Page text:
Cognitive Mapping and Diagnostic Aspects of Organizational Change

Article excerpt


A model of Perceptual Actualization, as a whole person phenomenon based upon processes of experiential learning, is presented. The enactment of Perceptual Actualization elements is demonstrated as essential to successful execution of the diagnostic aspects of organizational change. The model, utilizing aspects of cognitive mapping, serves as a framing template illuminating those diagnostic variables that are operative (actualized). The paper concludes with examples of pathways to successful change diagnosis and implementations.


The focus of this paper is on successful organizational change efforts based on accurate diagnosis of the elements that need to be addressed, especially during die initial diagnostic phase of a change program. A good diagnostic analysis must be based upon accurate perception of the situation combined with an assessment of what needs to be addressed, as well as those elements that should not or do not need to be addressed. The concept of Perceptual Actualization will be presented as an approach that is conducive to enhanced diagnostic capacity, especially at the early stages of an organizational change effort. As organizational change practitioners adopt such a perspective, a collective mind can be created (Tenbrusal, 1996) that pools micro/individual processes into a more comprehensive framework. Comprehensiveness is important to a field such as organizational change. The objective would be to avoid succumbing to the pitfall that Weick (1995) describes wherein easily communicated explanations are substituted for relevant facts and comprehensiveness. The result would hopefully yield a form of organizational memory (Walsh and Ungston, 1991) that could be utilized to bring about more effective and ongoing organizational change efforts.

Organizational Diagnosis and Accurate Perception

The importance of the diagnostic stage of organizational intervention and change is well documented (Argyris, 1970; French and Bell, 1999; Cummings and Worley, 2005). Argyris (1970, p. 175) in his classic work on intervention theory, states that just as effective intervention comes from accurate diagnostics, ineffective intervention is sourced in the difficulty of perceiving stressful reality accurately. French and Bell (1999, p. 105) describe diagnosis as the very foundation of intervening, and a necessary component for subsequent action and program management. Cummings and Worley (2005, p. 83) state that "diagnosis clearly points the organization and the O.D. practitioner toward a set of appropriate intervention activities that will improve organizational effectiveness." Cummings and Worley go on to state that diagnosis involves collecting what they choose to describe as "pertinent information" (2005, p. 83). The question addressed in this paper is how the O.D. practitioner knows whether or not the information gathered is pertinent. The concept of Perceptual Actualization utilizing concepts of cognitive mapping is applied here to address that question.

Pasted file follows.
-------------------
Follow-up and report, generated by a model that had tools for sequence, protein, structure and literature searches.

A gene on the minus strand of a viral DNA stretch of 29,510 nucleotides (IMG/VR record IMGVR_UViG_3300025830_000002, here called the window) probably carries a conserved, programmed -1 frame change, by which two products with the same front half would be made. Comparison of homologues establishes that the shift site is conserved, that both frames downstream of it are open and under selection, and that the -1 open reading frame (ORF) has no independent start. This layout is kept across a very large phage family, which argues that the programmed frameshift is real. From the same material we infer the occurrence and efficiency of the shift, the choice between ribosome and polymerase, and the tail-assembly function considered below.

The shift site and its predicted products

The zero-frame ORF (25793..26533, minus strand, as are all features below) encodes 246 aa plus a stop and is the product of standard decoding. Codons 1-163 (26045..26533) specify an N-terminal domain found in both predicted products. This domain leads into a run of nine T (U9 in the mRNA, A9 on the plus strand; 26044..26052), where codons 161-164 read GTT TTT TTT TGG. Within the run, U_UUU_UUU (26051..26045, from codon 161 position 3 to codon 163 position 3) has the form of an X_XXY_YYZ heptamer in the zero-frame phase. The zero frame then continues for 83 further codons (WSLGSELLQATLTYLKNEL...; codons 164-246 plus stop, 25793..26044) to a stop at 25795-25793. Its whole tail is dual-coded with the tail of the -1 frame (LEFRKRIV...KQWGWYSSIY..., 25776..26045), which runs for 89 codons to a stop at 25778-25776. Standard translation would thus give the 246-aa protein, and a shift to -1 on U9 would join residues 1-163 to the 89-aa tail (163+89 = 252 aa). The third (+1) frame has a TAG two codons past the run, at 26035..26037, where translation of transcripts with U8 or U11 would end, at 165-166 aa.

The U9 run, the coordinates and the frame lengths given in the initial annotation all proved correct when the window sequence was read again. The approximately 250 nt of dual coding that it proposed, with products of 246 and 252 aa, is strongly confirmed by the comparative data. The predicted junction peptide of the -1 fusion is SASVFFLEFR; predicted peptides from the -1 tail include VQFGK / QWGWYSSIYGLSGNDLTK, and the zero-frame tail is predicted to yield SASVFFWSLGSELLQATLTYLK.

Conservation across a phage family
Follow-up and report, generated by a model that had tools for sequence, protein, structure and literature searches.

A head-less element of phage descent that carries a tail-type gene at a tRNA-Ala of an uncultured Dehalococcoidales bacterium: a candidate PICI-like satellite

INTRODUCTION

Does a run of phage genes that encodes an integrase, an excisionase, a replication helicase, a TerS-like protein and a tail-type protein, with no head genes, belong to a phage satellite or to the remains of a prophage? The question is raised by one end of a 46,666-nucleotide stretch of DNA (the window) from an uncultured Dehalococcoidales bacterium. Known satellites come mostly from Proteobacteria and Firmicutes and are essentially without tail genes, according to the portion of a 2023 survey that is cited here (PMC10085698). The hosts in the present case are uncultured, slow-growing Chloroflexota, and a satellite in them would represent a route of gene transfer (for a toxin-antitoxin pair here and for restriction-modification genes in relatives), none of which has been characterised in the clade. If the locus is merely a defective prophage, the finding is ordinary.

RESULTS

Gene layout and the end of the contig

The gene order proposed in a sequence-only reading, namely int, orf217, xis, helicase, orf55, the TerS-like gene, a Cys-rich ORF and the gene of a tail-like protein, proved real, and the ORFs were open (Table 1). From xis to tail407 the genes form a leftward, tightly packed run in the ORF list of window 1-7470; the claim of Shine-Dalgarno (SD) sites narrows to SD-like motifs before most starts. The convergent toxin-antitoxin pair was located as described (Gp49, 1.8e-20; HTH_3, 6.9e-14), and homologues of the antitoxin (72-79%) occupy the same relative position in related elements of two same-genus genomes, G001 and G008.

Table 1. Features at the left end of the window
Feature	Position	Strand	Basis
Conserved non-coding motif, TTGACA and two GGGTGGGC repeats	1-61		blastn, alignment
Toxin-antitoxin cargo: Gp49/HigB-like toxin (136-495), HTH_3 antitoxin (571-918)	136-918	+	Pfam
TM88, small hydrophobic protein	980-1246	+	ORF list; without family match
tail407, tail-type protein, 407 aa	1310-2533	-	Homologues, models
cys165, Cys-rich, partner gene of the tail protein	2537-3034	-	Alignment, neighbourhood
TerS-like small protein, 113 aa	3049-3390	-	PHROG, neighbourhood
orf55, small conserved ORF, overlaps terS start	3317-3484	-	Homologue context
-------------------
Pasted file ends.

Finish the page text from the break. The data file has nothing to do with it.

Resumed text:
The term Perceptual Actualization (fully defined shortly) is used to describe this accomplishment. Quality perception, in tum, emerges from processes of sufficient cognitive mapping (Eden, 1992; Huff and Jenkins, 2002). Swan (1997) reports research that indicates that cognitive mapping might be used to promote understandings of potential problems and even design choices. It is in the spirit of the potential of cognitive mapping that this paper finds one of its primary themes. Organizational change agents must begin with a perception of organizational reality sufficient to enable astute designs of change programs. Conversely, the road to change management failure is often characterized by attempts to implement change with the wrong people for the wrong reason and at the wrong time utilizing organizational change tools inappropriate to the task. Successful organizational change is thus closely tied to successful identification of management cognition issues relative to accurate and reportable perceptual frameworks. …